Economic Outlook 2015, Part 3: The Leading Indicators Suggest Growth Will Continue Into 2015

This is Part 3 of my 3-part review of The Conference Board’s economic indicators. Monday I reviewed the lagging indicators, confirming that 2014 has been the best year for economic growth since the financial crisis, although sluggish wage growth and rising consumer debt (aided by artificially low interest rates) presented some concerns. Yesterday I reviewed the coincident indicators and found that the U.S. economy is growing and adding jobs, although the mix of jobs is still too tilted toward part-time positions, and consumer spending is benefiting from an unsustainable rise in transfer payments. This article will cover The Conference Board’s leading economic indicatorsOverall, the analysis indicates that momentum in the U.S. economy should extend into early 2015, but conditions will likely slow by mid-year as the Fed gradually removes the Quantitative Easing training wheels.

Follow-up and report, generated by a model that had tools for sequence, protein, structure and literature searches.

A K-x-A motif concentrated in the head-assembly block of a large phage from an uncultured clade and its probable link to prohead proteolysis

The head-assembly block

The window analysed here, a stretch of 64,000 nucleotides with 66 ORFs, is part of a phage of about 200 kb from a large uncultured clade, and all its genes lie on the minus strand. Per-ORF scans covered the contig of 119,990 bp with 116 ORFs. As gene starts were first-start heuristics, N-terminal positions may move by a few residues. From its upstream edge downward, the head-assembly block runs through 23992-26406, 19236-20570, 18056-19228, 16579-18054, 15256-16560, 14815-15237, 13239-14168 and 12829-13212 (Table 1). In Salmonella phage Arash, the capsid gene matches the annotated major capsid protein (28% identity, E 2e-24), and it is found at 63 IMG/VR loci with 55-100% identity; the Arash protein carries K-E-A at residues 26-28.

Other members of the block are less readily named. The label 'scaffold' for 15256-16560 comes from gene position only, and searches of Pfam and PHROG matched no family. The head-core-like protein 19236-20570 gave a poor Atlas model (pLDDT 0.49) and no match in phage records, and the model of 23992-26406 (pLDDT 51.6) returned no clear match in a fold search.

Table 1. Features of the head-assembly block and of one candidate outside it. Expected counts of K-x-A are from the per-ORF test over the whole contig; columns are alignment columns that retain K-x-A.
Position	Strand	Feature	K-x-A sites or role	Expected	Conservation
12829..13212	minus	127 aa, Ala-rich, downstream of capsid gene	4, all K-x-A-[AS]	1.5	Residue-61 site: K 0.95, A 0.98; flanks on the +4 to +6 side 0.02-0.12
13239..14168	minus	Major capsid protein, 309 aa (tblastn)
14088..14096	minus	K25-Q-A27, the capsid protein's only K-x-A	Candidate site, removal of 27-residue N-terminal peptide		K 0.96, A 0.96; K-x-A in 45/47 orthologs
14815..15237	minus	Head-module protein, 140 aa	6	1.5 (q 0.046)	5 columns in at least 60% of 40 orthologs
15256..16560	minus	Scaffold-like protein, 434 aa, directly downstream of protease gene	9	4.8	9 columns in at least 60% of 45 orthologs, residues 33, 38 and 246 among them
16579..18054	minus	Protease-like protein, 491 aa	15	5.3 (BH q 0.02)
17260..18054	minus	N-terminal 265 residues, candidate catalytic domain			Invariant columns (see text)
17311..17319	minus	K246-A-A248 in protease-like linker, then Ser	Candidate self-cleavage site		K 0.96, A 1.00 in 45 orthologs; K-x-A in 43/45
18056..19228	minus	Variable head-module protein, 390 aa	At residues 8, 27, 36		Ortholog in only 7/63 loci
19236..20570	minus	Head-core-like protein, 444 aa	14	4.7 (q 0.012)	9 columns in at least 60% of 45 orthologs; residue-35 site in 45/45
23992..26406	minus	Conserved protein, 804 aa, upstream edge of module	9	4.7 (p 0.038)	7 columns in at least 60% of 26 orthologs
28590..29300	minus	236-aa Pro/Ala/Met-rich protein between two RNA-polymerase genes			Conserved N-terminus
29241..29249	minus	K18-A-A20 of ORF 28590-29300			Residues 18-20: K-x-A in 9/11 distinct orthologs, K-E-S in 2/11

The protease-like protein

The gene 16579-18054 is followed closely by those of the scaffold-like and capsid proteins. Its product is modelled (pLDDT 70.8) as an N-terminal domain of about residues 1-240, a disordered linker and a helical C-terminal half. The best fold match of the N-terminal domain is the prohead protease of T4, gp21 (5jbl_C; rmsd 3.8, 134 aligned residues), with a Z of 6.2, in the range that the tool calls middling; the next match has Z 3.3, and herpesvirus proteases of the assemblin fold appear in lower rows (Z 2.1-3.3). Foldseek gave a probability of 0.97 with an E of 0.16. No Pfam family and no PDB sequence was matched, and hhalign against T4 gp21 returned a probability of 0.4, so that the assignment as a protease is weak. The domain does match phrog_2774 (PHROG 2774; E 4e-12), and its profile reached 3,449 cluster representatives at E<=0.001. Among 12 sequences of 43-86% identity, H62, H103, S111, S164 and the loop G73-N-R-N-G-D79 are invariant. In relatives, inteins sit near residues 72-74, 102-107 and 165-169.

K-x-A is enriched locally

The leading indicators are depicted in the table below, along with my -1, 0 or +1 rankings and the weights assigned by The Conference Board. The equally- and Conference Board-weighted diffusion index scores of +40% and +44%, respectively (based on a possible range of -100% to +100%), show that the U.S. economy will most likely sustain its recent momentum into the first half of 2015. A detailed review of each leading indicator follows below.

Leading-Diffusion-Index

The most heavily-weighted component is the Average Length of the Manufacturing Workweek (weight = 27.8%), shown below with the Average Length of the Construction Workweek. The manufacturing workweek has exceeded 42 hours for the first time in many years. The gradual rise in the series is mirrored in the length of the construction workweek. On the surface, these would appear to be purely positive developments . . .

LE-1-Workweek

. . . except, as shown below, the U.S. economy has shed an astounding 5 million manufacturing jobs and almost 2 million construction jobs in the last 10-15 years. Ouch! Given that context, I can only rank this indicator zero.

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